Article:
Discussing the ethical, environmental and moral issues of producing our food and clothing is important. However, I would respectfully challenge some of the claims made in a recent Baptist Press piece.
First, blaming cows for obesity, antibiotic resistance and the loss of forests for corn production is an effective but fear-based tactic. The United States produces roughly half of the world's corn supply, but we are not tearing down forests to accomplish this. Farmers are producing higher yields on fewer acres than ever before. Where exactly are all these forests that are being destroyed for more corn acres?
Obesity is a problem, but the blame lies more squarely on gluttony and laziness than it does on cows and corn. Likewise, antibiotic resistance can be a cause for concern, but are we not already the most over-medicated society on the planet? The bigger problem lies in over-usage of antibiotics among people.
Second, modern agriculture is not in defiance of nature. Farmers are not shaking their fists at God going against His natural order. A full 98 percent of all farms are family farms. Farmers are working in concert with nature. We use fertilizers that are mined from the earth or come from animals, herbicides that are derived from plants, and insect protection commonly known as "Bt" that is naturally occurring in the soil.
Some people often make the claim that farmers are poisoning the environment. But why would we poison the land from which we derive our livelihood? We are stewards of the land. Part of our job is to create a cleaner, healthier environment. If we are destroying it, by default we destroy our own profession. Farmers strive to operate in an environmentally friendly manner. Our air you can breathe, our water you can drink. Why is it that when a person goes on a mission trip to a Third World country they dare not drink the water?
A good friend of mine used this analogy: "I raise pigs. I grow corn to feed them. The pigs eat the corn and produce manure. I take that manure and put it onto my corn field(s) as fertilizer. I don't know how you get any greener than that." Yet, he would be criticized because his pigs live in a barn, or because of the odor when he spreads manure. Is this not a realistic, sustainable, and feasible model?
Third, Scripture is quite clear in the distinction of humans and animals. God created humans in His likeness and gave them dominion over animals. This is not to say that animals should be treated cruelly, nor is it saying that animals are equal to humans.
Animals need food, water, protection, and yes, sometimes they need medicine. Liz Wagstrom, chief veterinarian of the National Pork Producers Council, told USA Today that without antibiotics, animals would become sick, and food prices would rise.
Until innovations occur in agriculture that enable us to move away from concentrated animal feeding operations (CAFOs) without sacrificing production, I'm comfortable with a free market driving demand. If that means chickens and pigs live in barns/houses in addition to having access to fresh grass and the open sunshine in order to maintain an abundant and affordable food supply, I'm not overly concerned with the risks that may or may not be associated with that.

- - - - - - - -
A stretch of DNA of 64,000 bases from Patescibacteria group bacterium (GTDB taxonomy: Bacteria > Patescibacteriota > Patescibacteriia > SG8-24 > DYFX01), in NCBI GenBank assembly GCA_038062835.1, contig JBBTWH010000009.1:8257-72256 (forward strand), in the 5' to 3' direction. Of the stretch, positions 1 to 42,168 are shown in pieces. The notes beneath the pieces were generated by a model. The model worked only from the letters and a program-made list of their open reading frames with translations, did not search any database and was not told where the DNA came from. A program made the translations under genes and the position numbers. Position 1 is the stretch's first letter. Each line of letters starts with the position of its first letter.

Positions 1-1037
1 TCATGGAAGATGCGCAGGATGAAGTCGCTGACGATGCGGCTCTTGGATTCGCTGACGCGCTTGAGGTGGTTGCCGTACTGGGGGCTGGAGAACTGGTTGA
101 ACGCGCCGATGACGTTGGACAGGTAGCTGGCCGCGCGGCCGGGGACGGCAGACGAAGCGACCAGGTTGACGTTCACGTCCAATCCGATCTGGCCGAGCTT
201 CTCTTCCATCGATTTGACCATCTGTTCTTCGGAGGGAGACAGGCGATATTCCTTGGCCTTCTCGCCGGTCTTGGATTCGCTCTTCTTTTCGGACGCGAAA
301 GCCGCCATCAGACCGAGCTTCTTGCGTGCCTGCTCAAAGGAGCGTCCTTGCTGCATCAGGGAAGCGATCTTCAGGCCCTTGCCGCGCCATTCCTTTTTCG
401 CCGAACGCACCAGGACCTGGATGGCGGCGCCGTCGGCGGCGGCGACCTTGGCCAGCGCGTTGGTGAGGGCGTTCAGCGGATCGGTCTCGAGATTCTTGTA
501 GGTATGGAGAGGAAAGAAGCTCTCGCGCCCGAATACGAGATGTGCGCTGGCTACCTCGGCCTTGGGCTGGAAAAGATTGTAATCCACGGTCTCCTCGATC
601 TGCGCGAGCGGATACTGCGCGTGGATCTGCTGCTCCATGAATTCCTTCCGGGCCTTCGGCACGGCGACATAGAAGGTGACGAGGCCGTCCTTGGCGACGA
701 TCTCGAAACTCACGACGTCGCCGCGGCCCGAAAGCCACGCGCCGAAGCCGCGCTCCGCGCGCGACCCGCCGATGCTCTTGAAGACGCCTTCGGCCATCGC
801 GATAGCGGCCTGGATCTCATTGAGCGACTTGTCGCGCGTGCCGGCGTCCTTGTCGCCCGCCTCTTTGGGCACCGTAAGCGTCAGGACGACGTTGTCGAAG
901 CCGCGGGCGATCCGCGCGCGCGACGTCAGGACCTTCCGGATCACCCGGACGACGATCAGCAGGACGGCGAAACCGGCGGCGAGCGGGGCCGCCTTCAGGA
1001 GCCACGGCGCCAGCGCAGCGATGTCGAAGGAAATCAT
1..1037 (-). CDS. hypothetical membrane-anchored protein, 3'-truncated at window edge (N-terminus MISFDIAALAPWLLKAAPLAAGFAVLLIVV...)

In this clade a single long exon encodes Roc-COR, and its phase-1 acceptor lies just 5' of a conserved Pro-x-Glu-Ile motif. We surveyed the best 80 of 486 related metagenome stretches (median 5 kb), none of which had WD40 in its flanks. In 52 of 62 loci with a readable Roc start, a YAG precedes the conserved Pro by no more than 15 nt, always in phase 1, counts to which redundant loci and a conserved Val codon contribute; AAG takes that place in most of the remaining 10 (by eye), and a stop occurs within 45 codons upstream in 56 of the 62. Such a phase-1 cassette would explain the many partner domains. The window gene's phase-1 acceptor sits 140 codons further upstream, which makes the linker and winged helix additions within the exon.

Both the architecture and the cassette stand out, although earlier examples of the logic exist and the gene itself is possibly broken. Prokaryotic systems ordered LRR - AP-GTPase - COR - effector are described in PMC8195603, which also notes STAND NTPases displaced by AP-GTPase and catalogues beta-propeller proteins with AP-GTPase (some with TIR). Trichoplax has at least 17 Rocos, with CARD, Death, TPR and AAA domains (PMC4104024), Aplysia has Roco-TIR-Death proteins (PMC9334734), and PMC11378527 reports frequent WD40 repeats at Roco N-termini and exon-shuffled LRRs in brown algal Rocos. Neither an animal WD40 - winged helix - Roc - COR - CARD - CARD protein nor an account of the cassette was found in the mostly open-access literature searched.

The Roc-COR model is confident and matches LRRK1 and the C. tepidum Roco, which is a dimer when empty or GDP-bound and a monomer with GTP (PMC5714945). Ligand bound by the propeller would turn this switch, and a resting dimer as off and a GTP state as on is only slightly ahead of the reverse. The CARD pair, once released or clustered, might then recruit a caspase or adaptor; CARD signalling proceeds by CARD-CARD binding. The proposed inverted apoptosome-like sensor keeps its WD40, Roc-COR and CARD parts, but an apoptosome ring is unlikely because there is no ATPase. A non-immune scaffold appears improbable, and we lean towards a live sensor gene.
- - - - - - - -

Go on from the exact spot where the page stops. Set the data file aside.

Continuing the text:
Fourth, this discussion is often framed in terms of an "us versus them" dialogue when it doesn't need to be. Why is the conversation so quickly reduced to organic vs. commercial, industry vs. family, or big vs. small?
The reality is there are more than 6 billion people on this planet and they eat. Population experts tell us that by 2050 global population will double, meaning farmers will have to produce more food in the coming years than we have in the history of civilization.
The real question becomes: Can we continue to feed people in a sustainable model that is environmentally friendly? Yes we can, but we are naive to think the organic (a term so loosely defined it is devoid of real meaning), green movement or community gardens is going to carry us there alone.
Finally, the average consumer has no idea of the costs involved in producing agriculture. Literally, thousands of dollars are buried in the ground in seed, fertilizer and crop protection products. And it's all for naught if it doesn't rain.
People continue to have a disconnect between the reality of producing food on the family farm and the romanticized, biased picture as portrayed by documentaries such as "Food Inc." Farmers make up less than 2 percent of the population of the United States. That means 98 percent of Americans will rely on a 2 percent minority to provide food and clothing, which by the way, we are doing despite overbearing regulation. The problem with the agri-ecology/green movement is that they are radically inconsistent. Its proponents will harp about free-range, grass-fed only beef, no pesticides, only buy local etc. Yet they will walk around with bought meat from a local producer while holding a $5 cup of Starbucks coffee made with beans imported from another country.
Modern farming families are innovators, consistently working towards safer, more efficient methods of food and fiber production. This is the task the American population has demanded of us. We plant and pray. We are stewards of the land.
Shane Burchfiel is a 2011 graduate of Southern Baptist Theological Seminary and works on a family farm in Dyer County, Tenn., where he raises cotton, corn, soybeans and wheat and manages a timber tract.
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